Written by Borys Antonenko-Davydovych Yuri Tkacz (trans.)
Review by Mandy Jenkinson

Borys Antonenko-Davydovych (1899-1984) was a post-revolutionary writer determined to revive Ukrainian literature and fight against Soviet Russia’s suppression of Ukrainian culture. He was arrested and sentenced to hard labour in Siberia where he remained for 21 years, only returning to Kyiv in 1956. In the 1970s there was renewed repression of Ukrainian culture and his writing stopped being published.

Duel was first published in 1927 but instantly incurred the wrath of the Soviet regime. The book tells of party worker Kost Horobenko during the period of militant Communism and is set in a small provincial town. It’s based largely on the author’s own experience and thus has a ring of authenticity. Horobenko is a former Ukrainian nationalist who has now thrown his lot in with the Soviets. He accepts the Party’s instructions, however brutal, but struggles with his conscience, not least when required to carry out requisitions. Outwardly a true believer, he is constantly duelling with his alter ego, the Ukrainian nationalist he once was. But whatever he does he can never live down the taint of his previous sympathies and is considered “unstable” on that account. He is fully aware of the “mass poverty, misery, destruction” around him, with famine drawing closer, and becomes increasingly conflicted about his actions.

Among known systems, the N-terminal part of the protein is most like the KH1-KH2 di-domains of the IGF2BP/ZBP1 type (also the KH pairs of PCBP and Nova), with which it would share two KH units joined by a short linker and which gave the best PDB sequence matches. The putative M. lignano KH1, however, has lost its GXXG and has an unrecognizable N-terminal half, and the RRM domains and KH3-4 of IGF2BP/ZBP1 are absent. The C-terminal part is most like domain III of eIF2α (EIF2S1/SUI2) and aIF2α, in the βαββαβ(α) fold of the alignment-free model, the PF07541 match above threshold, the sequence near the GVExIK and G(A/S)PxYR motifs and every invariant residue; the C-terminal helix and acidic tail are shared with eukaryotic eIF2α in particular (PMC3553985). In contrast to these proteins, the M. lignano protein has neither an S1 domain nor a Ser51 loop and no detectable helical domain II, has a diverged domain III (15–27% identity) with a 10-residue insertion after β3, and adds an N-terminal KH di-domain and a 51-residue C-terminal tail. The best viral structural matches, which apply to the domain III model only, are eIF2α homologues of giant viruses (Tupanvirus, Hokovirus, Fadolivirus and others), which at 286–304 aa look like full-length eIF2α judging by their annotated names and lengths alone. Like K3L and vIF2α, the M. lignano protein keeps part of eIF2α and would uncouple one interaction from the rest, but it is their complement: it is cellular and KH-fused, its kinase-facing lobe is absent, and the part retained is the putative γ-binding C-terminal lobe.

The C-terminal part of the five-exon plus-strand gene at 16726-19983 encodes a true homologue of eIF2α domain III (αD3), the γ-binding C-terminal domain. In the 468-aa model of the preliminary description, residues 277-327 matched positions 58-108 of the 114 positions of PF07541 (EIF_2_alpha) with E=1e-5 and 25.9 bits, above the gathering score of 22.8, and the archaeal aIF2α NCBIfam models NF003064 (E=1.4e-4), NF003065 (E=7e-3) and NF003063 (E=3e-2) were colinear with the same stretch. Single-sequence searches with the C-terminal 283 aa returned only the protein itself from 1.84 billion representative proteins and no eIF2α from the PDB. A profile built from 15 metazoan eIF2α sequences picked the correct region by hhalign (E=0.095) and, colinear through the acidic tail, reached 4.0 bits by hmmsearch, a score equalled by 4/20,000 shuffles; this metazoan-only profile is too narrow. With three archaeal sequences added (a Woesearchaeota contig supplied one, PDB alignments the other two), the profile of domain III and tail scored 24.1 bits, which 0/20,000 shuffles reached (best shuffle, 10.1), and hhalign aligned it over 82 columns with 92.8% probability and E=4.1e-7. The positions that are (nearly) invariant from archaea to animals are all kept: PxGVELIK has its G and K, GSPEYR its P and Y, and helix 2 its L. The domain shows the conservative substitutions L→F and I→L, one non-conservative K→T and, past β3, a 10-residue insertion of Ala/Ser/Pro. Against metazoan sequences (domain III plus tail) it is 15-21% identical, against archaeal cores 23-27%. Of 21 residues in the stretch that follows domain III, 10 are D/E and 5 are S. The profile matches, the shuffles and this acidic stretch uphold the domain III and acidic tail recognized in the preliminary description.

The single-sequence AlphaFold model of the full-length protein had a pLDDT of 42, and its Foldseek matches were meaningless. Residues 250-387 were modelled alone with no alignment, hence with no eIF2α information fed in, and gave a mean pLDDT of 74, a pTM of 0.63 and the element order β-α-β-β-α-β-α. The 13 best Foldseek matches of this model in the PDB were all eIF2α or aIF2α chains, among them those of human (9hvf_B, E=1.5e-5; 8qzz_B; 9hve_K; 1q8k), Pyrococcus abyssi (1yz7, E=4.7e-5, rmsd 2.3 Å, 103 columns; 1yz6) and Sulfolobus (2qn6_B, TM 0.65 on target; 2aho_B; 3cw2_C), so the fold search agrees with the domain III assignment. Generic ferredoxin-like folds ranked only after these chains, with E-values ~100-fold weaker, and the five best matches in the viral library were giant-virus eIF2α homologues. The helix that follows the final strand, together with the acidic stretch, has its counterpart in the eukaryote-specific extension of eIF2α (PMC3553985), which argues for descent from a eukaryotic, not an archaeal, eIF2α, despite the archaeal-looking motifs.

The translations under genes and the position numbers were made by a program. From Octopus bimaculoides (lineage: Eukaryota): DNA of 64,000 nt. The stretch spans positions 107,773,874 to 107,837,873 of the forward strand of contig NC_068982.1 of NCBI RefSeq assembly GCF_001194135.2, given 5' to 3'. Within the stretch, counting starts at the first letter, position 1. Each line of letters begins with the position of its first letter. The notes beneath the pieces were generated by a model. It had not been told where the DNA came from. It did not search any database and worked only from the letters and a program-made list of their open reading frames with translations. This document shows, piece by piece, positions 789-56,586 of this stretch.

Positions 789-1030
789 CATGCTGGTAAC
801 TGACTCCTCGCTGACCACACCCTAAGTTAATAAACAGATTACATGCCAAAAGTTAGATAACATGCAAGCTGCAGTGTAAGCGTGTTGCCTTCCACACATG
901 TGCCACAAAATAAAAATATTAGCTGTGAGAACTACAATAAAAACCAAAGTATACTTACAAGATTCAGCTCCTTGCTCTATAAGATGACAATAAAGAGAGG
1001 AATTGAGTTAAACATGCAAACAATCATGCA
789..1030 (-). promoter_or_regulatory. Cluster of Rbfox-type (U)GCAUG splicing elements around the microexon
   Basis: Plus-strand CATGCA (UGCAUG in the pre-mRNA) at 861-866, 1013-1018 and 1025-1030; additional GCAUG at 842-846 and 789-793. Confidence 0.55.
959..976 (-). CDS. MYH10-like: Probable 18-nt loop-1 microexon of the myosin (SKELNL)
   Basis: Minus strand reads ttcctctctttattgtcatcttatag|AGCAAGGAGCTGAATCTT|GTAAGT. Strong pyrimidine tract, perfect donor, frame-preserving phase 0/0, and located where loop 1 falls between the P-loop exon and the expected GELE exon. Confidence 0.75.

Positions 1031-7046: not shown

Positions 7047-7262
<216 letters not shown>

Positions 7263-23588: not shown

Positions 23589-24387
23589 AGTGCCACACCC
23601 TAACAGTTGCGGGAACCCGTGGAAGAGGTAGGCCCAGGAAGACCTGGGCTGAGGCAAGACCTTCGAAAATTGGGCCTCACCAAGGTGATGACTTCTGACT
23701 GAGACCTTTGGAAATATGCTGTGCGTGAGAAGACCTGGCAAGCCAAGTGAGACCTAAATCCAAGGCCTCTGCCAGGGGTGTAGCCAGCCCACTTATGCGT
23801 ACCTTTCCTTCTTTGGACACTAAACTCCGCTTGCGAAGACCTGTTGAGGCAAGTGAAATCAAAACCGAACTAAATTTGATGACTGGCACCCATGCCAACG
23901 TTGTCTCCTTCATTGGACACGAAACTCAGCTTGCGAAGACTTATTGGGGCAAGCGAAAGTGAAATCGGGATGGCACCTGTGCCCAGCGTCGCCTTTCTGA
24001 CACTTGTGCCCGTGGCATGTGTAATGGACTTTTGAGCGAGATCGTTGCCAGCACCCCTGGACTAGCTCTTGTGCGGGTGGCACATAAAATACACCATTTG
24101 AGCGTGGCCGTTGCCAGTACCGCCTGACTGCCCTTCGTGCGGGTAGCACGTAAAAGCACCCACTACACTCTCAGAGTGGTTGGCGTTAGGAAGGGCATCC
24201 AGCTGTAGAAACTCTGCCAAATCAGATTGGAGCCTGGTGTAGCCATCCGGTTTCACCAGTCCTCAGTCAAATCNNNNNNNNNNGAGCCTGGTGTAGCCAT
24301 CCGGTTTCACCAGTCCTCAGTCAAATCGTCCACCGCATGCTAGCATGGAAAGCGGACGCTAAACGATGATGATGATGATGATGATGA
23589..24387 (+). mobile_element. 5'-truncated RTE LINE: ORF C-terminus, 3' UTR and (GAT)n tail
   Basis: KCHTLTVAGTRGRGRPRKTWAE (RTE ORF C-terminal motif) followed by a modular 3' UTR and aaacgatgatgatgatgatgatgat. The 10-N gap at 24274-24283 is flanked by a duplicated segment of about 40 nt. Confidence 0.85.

There are two particularly painful scenes in one of which he has to take away someone’s family piano, and in another he uselessly takes away a physics teacher’s microscope—with no justification. Desperate for acceptance, he even stoops to inform on his colleagues. The novel is a psychologically insightful and astute portrait of a man at war with himself, a sharp and sometimes satirical look at Party edicts, and a multi-layered and complex exploration of political accommodations. Some useful footnotes help with understanding the background.